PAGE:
Another down week and another weak week ahead, judging by the way markets ended after last week’s cornucopia of interest rate rises.
We saw losses galore on Thursday and Friday as red ink and fear replaced two years or more of unbridled optimism that central banks and their super easy monetary policy and record low rates would always backstop every investment idea – good, stupid or otherwise.
Now there’s a growing realization that there will be a rising cost to investment ideas and that companies, analysts, investors and the rest of those who populate markets will have to come up with good ideas rather than another off the wall start up or previously rejected notion .
Inflation fears get another run this week – America’s Consumer Price Index for April with another 8% plus reading forecast, but perhaps a sign or three of a slowing in the pace of price rises – perhaps.
China’s CPI and producer price index will also be issued – they will not have the impact of the US data, but will send a message about the strains on the economy from the Covid lockdowns.
In Australia we are into the final fortnight of the May 21 election campaign, the March quarterly updates seem to be behind and there’s some financial results this week, starting with Westpac this morning.
The ASX 200 closed 2.2% lower on Friday for a loss of 3.09% for the week – a bit more than Wall Street’s five-day losses.
The 159-point fall on Friday, took the index down to 7,205.6 as all sectors closed lost ground – and were down for the week – led by tech stocks and the property sector which has been hit hard by rising interest rates.
The futures market fell 51 points on Friday night, our time, meaning a weak start for Westpac to report into today and the Chinese trade data later in the day.
Last week saw Wall Street and local markets lose heavily on Thursday and Friday and produce another negative performance for the week.
The S&P 500 shed 0.57% to close at 4,123.34 on Friday, while Nasdaq fell 1.40% to settle at 12,144.66. The Dow shed 98.60 points, or 0.30%, to finish at 32,899.37.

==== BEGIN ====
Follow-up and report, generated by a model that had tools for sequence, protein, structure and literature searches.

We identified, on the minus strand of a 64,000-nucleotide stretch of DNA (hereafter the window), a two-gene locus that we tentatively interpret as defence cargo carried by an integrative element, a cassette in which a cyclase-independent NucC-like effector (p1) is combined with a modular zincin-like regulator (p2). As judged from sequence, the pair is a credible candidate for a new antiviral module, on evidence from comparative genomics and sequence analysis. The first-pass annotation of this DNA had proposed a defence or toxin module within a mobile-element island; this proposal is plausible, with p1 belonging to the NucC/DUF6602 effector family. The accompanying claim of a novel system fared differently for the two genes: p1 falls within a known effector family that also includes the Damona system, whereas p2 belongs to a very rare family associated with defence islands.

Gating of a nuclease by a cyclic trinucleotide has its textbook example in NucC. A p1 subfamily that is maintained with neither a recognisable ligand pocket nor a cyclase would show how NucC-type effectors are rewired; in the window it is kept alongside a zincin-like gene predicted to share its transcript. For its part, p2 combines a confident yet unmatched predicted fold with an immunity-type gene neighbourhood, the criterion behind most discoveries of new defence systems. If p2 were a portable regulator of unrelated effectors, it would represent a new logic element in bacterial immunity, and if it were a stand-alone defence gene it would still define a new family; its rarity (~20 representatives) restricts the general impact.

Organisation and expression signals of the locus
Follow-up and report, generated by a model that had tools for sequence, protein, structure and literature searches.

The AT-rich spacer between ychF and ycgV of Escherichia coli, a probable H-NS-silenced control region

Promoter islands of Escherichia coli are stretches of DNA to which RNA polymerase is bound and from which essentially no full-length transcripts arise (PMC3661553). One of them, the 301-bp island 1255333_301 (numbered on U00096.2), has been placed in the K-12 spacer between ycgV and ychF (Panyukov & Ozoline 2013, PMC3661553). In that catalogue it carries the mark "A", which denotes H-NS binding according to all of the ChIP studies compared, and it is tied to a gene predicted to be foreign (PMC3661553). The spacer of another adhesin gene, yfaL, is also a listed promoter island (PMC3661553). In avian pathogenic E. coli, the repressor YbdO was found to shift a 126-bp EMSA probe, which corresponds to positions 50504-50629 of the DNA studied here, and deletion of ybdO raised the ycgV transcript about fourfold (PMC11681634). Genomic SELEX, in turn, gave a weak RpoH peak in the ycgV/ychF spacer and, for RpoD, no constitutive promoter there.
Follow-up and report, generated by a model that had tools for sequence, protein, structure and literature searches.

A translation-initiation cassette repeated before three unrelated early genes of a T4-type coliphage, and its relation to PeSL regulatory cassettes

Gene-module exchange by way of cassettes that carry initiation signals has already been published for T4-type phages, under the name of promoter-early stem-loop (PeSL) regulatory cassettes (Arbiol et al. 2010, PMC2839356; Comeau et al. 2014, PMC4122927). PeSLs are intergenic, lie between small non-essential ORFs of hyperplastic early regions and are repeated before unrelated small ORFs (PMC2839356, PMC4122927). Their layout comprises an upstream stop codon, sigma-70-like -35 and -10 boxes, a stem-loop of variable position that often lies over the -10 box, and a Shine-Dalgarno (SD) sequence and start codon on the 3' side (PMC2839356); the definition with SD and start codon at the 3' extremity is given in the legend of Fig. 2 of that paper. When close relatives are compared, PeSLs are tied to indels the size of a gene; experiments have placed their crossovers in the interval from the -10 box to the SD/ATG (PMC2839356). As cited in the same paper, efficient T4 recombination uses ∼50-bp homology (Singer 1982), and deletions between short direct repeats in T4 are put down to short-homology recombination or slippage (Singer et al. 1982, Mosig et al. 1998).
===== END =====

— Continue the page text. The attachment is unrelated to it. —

The losses on Friday clinched a losing week for all three major indexes despite starting off with three days of rises ahead of and just after the Fed decision to lift rates.
Then on Thursday a rapid reassessment as markets remembered what the Fed had done – lifted rates by 0.75% in two months and investors fled for the sidelines, though the pace of the exit slowed on Friday.
Friday’s losses came despite an April jobs report that showed 448,000 new jobs were created last month, more than the 400,000 expected by economists but not enough to spark fears of a too-hot economy and further big rate rises from the Fed to cool inflation.
Wages rose 0.3% and were up 5.5% from a year ago, about the same as March, and while a high reading they did not spark any new fears.
Tech stocks were again the major area of weakness for the market on Friday after Thursday’s clean out. Amazon fell 1.4%, while Microsoft and Nvidia dropped about 0.9%. Netflix fell 4.3%.
Apple shares edged up 0.47% on Friday to be down by just 0.23% for the week.
Speculative areas of the market such as biotech and solar energy were hit hard on Friday. Illumina, a biotech equipment maker saw its shares drop more than 14%.
Tech was and underperformer for the market all week, e-commerce stocks in particular. Amazon and Shopify finished the week down roughly 7.7% and 11.6%, respectively.
For the week, the Dow finished down 0.24% for its sixth consecutive negative week. The S&P 500 and Nasdaq finished with losses of 0.21% and 1.54%, respectively, for their fifth straight losing week.
The Nasdaq is now about 25% below its record high from last November. The loss last week was the 5th in a row and its longest weekly losing streak since 2012.
Naturally winners were few and far between – Occidental Petroleum was up 13% as Berkshire Hathaway continues to buy shares, taking its stake into the company to 15.2%, on top of a big potential shareholding in $ US10 billion worth of preferred stock.
Berkshire Hathaway shares fell 1% last week, and shares in Chevron rose more than 8% over the week (and was up on Friday) after Buffett and Berkshire revealed an increased $ 25.4 billion stake in America’s second biggest energy group.
Moves in the US Treasuries bond market appeared to be affecting equities on Friday. The 10-year Treasury yield hit 3.13% for the first time since 2018.
The Aussie dollar ended the week lower at 70.77 US cents, all but unchanged for the week.
European shares fell – the Stoxx 600 index dropped 4.5% for the week – London was off 2% and Germany down 3%. in Asia Japan saw a small gain of 1.1% for the Nikkei, Shanghai was down 1.5%, Hong Kong off 5.1% after a 3.8% drop on Friday ahead of yesterday’s fixed Chief Secretary election with only one candidate – the Communist Party approved candidate. The CSI 300 had a positive week, ending up 4% after Friday’s sharp fall.
Inflation and the Fed’s tightening are now the main driver – remember the Bank of Japan has retained its very accommodating monetary policy stance and determination to keep interest rates low, and the Chinese central bank may be heading towards an easing and extra stimulus, but while that has been promised at least four times in two months, there’s been no sign of actual new spending from President Xi and government except more words.